Revealed: Welwyn Hatfield’s highest achieving schools
- Credit: Archant
Fresh government figures have revealed how well Welwyn Hatfield and Potters Bar secondary schools have performed in the last year.
But the way in which school progress and achievement is measured has also had an overhaul.
In 2016, a new way of seeing how schools measure up was introduced.
And in 2017, there was also a new set of GCSE exams with a brand new grading system based on the numbers 9-1 rather than the old A-G grade.
The government’s schools performance statistics now grade schools on several measures.
Rather than just totting up GCSE passes, the new ranking system allows you to look at more than one factor when rating a school.
This includes the ‘Progress 8’ and the ‘Attainment 8’ measures as well as showing how many pupils go on to further education or employent after GCSE.
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Progress 8 and Attainment 8 - what do they show?
Progress 8 is a measure of eight key subjects that shows how much progress pupils have made between the end of key stage 2 and the end of key stage 4.
It measures this by comparing pupils across England who had similar scores at key stage 2.
It means that a school can still show the difference it makes at helping kids realise their potential, even in subjects they are weaker in.
It’s measured on a scale of 1 to minus 1, with a score of 1 showing the highest progress.
Dame Alice Owen’s School continued its reputation for excellence with a score that the Department for Education considers “well above average”, 0.63 – putting it in eighth place out of 147 schools in the whole of Hertfordshire.
Scoring highly was Bishop’s Hatfield Girls’ School, whose “Progress 8” score was marked as “above average” at 0.27.
Stanborough School’s -0.3 score is considered “below average”, Onslow St Audrey’s School score of -0.89 is “well below average”.
Onslow St Audrey’s School’s head teacher was unavailable for comment.
Sir Frederic Osborn School’s score was also “well below average” at -0.71.
Sir Frederic Osborn headteacher Jed Whelan said: “As with all statistics we need to be clear about the comparisons we are making. Girls have outperformed boys this year across the country in terms of the Progress 8 measure, and as a school with 20% more boys in that year group this has to be factored in.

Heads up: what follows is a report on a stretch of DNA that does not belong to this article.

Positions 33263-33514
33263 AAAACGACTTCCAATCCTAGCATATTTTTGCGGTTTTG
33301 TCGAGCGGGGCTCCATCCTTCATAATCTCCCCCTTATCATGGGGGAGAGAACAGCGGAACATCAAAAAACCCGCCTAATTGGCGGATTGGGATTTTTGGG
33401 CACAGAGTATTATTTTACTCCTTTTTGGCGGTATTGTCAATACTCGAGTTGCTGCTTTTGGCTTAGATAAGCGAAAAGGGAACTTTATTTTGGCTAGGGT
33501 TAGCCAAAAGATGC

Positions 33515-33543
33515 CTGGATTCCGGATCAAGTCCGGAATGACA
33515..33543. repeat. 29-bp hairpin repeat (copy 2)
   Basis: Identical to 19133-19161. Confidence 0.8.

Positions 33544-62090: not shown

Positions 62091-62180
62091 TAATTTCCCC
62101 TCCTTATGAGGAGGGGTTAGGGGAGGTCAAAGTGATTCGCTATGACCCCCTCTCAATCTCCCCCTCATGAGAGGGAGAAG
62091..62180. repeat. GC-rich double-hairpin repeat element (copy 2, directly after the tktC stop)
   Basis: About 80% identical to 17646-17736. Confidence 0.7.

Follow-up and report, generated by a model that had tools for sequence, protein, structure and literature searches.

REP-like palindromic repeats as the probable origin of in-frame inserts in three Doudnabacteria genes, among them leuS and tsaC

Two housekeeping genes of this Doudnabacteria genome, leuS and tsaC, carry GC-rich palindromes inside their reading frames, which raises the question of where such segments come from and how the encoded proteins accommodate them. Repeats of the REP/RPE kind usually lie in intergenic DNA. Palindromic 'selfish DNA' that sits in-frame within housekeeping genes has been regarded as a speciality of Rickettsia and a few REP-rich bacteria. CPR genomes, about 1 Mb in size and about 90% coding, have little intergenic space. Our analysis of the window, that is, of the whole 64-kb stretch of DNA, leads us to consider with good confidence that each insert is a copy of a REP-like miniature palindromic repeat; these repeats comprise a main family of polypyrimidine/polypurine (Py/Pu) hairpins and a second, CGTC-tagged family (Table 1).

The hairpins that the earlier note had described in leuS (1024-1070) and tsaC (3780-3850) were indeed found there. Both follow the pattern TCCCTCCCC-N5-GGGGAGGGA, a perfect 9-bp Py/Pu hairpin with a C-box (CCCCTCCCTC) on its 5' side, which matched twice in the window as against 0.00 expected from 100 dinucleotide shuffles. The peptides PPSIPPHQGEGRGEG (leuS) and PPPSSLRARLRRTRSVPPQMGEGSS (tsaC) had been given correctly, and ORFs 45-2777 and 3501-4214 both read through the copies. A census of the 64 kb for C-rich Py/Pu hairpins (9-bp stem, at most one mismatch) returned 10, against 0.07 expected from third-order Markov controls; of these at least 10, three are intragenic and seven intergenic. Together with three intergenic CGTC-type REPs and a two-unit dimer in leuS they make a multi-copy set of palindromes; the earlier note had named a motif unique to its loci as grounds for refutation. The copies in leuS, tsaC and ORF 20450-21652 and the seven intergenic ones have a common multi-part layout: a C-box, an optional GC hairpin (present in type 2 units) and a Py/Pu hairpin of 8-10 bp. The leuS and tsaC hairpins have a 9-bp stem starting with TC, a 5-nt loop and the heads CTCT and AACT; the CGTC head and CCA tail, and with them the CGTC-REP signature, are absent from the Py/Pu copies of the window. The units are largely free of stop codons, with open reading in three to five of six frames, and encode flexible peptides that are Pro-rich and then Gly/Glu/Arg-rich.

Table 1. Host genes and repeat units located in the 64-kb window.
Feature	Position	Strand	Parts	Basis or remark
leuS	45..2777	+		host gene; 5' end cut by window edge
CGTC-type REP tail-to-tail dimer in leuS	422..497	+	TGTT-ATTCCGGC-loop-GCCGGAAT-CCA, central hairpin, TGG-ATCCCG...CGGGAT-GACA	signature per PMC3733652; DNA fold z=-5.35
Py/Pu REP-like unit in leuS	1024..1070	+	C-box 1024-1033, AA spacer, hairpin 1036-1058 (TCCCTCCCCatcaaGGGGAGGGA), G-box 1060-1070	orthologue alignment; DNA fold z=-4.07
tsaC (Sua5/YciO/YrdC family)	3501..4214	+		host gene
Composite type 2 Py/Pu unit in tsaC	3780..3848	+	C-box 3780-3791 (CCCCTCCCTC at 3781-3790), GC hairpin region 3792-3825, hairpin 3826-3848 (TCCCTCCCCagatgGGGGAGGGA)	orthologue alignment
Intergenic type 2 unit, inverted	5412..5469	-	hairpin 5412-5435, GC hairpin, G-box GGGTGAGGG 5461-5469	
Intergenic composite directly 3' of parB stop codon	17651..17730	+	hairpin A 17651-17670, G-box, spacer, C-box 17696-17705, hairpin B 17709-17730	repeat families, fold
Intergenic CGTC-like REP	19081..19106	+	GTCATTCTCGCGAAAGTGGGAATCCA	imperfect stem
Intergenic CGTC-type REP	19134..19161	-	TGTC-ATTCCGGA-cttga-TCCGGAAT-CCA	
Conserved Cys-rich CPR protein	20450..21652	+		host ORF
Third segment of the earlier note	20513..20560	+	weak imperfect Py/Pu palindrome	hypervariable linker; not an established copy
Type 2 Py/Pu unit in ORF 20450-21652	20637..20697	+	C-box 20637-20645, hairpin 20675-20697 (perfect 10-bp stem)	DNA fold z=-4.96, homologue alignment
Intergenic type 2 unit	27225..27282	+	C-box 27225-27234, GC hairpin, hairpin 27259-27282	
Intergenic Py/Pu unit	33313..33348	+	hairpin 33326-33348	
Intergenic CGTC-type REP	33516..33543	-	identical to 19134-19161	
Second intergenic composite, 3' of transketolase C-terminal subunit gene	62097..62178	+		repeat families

He added that the school’s attainment in maths and English has improved.
To help the Progress 8 score in future, the school is working closely with Sandringham School in St Albans, which just achieved the highest Progress 8 score in the county.
“We are working hard to ensure all our current students achieve their potential,” said Mr Whelan.
The Attainment 8 score is based on pupils’ attainment across 8 key qualifications, averaged across the school.
Dame Alice Owen’s School scored 70.6, making it the top school in Hertfordshire for Attainment 8.
Bishops’s Hatfield Girls’ School scored 51.3, with Chancellor’s, Monk’s Walk, Mount Grace and Stanborough all in the high 40s.
Sir Frederic Osborn School scored 36.5 and Onslow St Audrey’s School scored 34.3.
What about the new GCSEs?
The old letters-based grading system has been replaced by the numbers 9-1 for maths and English, to go with the new exams which the government describes as having “more challenging” content.
This new system will also be rolled out to the other subjects in due course.
It’s not easy to make a direct comparison as the old and new grades don’t all have equivalents.
An A*-A grade is now in the band of grades 9, 8 and 7 – the very top grade of 9 will be awarded to fewer pupils than were receiving A*s before.
Most further education institutions are using a grade 4 as their standard entrance requirement grade in the same way that a C was used in the past.
A grade 4 is considered a standard pass – or directly equivalent to an old C grade – and a grade 5 is considered a “strong” pass.
For the latest school league tables, the numbers of pupils gaining grade 5 or above in English and maths is a key measure.
Here, Dame Alice Owen’s School comes out top again, at 83%, while Onslow St Audrey’s achieved 20%.
However, the future is still bright for Onslow St Audrey’s pupils, as the figures reveal that 95% of them go on to further education or employment - putting the school in joint fifth place out of 147 in the whole county for that measure in 2015.